1943 theatrical poster
|Directed by||Irving Pichel|
|Produced by||Kenneth Macgowan|
|Screenplay by||Kathryn Scola|
|Based on||Happy Land|
by MacKinlay Kantor
|Music by||Cyril J. Mockridge|
|Edited by||Dorothy Spencer|
|Distributed by||Twentieth Century-Fox|
|Box office||$1.5 million|
Lew Marsh receives a message that his only son, Rusty, has been killed in the war. Lew, a pharmacist in the small town of Hartfield, Iowa, is so grief-stricken, he neglects everything and isolates himself.
One day, Lew is visited by his dead grandfather's spirit. "Gramp" is troubled by Lew's prolonged mourning and the way it is affecting his life and those around him. Lew tries to send him away, but Gramp has "all the time in the world". Gramp takes him on a stroll through the streets of town, showing him flashbacks of events from his and Rusty's life.
It begins with Lew and other Hartfield residents returning home after serving in World War I. He finds out that his girlfriend Velma married a Marine just the month before. He meets Agnes soon after, falls in love, and marries her. Gramp becomes sick, but lives long enough through sheer stubbornness to see Rusty born.
Rusty turns out to be a perky boy with a mind of his own, who cares a lot for his friends. He becomes a member of the Boy Scouts. As a teen helping out at his father's pharmacy, he gives an old man medicine for his sick wife, even though the man does not have enough to pay for it, later putting money he has been saving for something special in the cash register.
Rusty falls in love for the first time at eighteen, with a girl named Gretchen Barry. She soon dumps him for a young man, which was expected by both Lew and Agnes. Lew tries to comfort him by giving him a glass of loganberry wine and toasting him as an adult. When Lenore Prentiss, a childhood friend, develops into a nice looking woman, Rusty takes notice.
Then the Nazis take control of Germany and invade Poland. Some of Rusty's friends join the Canadian armed forces, but Rusty continues helping out in the pharmacy. Then he leaves to study for his certificate. After some time, Rusty joins the Navy and is shipped out, bidding farewell to his parents and Lenore.
Back in the present, Gramp states that Rusty had a wonderful life up to his death. Lew is unconvinced, and Gramp tells him to go to pharmacy that evening. There he encounters a young sailor named Tony, someone Rusty often mentioned in his letters. Tony had agreed to tell Rusty's parents what happened if Rusty died.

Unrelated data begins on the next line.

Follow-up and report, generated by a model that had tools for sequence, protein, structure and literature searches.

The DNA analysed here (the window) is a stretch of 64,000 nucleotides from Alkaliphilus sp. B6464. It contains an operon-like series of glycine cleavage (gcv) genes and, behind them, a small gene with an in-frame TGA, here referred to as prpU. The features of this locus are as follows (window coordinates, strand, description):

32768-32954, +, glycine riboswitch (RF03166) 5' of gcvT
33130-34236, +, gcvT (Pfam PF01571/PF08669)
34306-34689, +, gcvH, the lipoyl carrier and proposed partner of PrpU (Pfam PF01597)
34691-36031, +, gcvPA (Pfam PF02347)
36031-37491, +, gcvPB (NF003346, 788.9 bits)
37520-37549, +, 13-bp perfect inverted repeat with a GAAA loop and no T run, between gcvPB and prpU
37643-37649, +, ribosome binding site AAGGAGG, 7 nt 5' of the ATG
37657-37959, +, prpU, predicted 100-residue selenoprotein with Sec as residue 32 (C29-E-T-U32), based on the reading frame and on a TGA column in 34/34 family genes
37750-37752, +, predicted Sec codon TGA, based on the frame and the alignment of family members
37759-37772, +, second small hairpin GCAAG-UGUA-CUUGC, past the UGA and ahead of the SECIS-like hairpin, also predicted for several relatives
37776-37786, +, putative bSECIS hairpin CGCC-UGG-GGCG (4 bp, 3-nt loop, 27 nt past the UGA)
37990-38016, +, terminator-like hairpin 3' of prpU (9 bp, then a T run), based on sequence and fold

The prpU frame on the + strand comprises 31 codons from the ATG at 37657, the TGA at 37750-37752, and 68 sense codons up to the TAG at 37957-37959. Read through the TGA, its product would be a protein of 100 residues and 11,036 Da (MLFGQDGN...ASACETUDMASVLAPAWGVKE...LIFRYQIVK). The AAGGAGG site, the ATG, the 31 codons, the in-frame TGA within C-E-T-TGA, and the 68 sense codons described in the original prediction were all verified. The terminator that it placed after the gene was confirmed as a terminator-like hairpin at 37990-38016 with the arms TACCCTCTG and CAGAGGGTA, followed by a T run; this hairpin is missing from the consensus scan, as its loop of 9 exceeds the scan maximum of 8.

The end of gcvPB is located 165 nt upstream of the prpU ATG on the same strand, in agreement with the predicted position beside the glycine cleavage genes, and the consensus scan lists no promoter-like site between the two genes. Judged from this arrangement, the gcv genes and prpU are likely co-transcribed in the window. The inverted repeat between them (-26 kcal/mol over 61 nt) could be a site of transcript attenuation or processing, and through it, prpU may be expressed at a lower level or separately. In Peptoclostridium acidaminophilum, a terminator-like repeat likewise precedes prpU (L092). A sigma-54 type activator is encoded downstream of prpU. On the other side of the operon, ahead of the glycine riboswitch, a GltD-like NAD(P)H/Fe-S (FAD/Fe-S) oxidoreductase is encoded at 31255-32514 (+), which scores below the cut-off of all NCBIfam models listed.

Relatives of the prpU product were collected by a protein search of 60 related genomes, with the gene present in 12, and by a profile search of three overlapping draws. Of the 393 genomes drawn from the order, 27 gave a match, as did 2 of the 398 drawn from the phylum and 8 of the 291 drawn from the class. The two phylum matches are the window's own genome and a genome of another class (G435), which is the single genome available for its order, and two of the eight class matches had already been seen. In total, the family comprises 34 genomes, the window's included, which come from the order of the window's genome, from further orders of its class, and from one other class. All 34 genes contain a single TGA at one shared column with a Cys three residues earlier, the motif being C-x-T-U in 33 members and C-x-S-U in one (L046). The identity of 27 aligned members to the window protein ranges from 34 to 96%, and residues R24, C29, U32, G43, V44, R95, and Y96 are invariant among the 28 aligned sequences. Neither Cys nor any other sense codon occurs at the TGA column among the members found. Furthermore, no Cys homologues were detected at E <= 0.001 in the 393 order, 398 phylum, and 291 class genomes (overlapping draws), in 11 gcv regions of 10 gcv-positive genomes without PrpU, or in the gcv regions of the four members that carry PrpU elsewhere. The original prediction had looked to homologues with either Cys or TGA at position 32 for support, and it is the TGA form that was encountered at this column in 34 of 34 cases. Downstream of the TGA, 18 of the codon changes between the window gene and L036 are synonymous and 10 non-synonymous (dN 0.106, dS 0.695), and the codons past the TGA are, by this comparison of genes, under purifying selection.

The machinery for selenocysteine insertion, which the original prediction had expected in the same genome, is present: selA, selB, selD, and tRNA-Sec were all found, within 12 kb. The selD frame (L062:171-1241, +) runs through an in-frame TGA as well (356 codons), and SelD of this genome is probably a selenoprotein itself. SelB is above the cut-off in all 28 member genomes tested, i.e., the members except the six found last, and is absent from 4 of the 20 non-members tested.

Lew invites Tony home and introduces him to Agnes. Tony tells them about Rusty's last hours. After a torpedo struck their ship, Rusty was carrying a wounded man when a second one hit, flinging Tony into the water. That was the last he saw of his friend.
- Don Ameche as Lew Marsh
- Frances Dee as Agnes Marsh
- Harry Carey as Gramp
- Ann Rutherford as Lenore Prentiss
- Cara Williams as Gretchen Barry
- Richard Crane as Russell 'Rusty' Marsh
- Harry Morgan as Anton 'Tony' Cavrek (credited as Henry Morgan)
- Minor Watson as Judge Colvin
- Dickie Moore as Peter Orcutt
- William Weber as Bill Beecher
- Oscar O'Shea as Father Case
- James West as Rusty - Ages 12 to 16
- Larry Olsen as Rusty - Age 5
- Bernard Thomas as Sam Kendall
- Adeline De Walt Reynolds as Mrs. Schneider
- Terry Masengale as Arch
- Edwin Mills as Bud
- Roseanne Murray as Mrs. Velma Jacobson
- James J. Smith as Everett Moore
- Mary Wickes as Emmy
- Walter Baldwin as Jake Hibbs
- Tom Stevenson as Mr. MacMurray
- Aileen Pringle as Mrs. Prentiss
- Richard Abbott as Reverend Wood
- Lillian Bronson as Mattie Dyer
- Ferris Taylor as Mayor
- Matt Moore as Mr. Prentiss
- Larry Thompson as Andy Jacobson
- Darla Hood as Lenore Prentiss - Age 12
- Ned Dobson Jr. as Jackie
- Paul Weigel as Pop Schmidt
- Jackie Averill as Tod
- Joseph E. Bernard as Clerk (credited as Joe Bernard)
- Houseley Stevenson as Sam Watson
- Elvin Field as Joe
- Juanita Quigley as Sally Pierce
- Milton Kibbee as Shep Wayne (credited as Milt Kibbee)
- John Dilson as Charles Clayton
- Leigh Whipper as Old Ben
- Marjorie Cooley as Teacher
- Robert Dudley as Old Man Bowers
- Reed Hadley as Off-Screen Narrator
- Pass Le Noir as Dr. Hammond (credited as Pass La Noir)
- William J. O'Brien as Chris - Drugstore Counterman
- Natalie Wood as Little Girl Who Drops Ice Cream Cone (uncredited)
Five-year-old Natalie Wood made her screen debut and appears in a bit part in the picture as a little girl who drops an ice cream cone.
Production lasted from June 13 to late July 1943. According to The Hollywood Reporter, news items, and studio publicity, the picture was shot on location in Santa Rosa, California, with additional scenes being filmed in nearby Healdsburg. The Time magazine review said that some scenes were shot in Sebastopol. A The Hollywood Reporter news item stated that the picture would have its premiere in sixty-one theaters in Iowa on December 2, 1943.
Don Ameche starred in a Lux Radio Theatre broadcast of the story on April 10, 1944. A television adaptation of the film was presented on the 20th Century-Fox Hour (CBS Television) in February 1956, under the title "In Times Like These".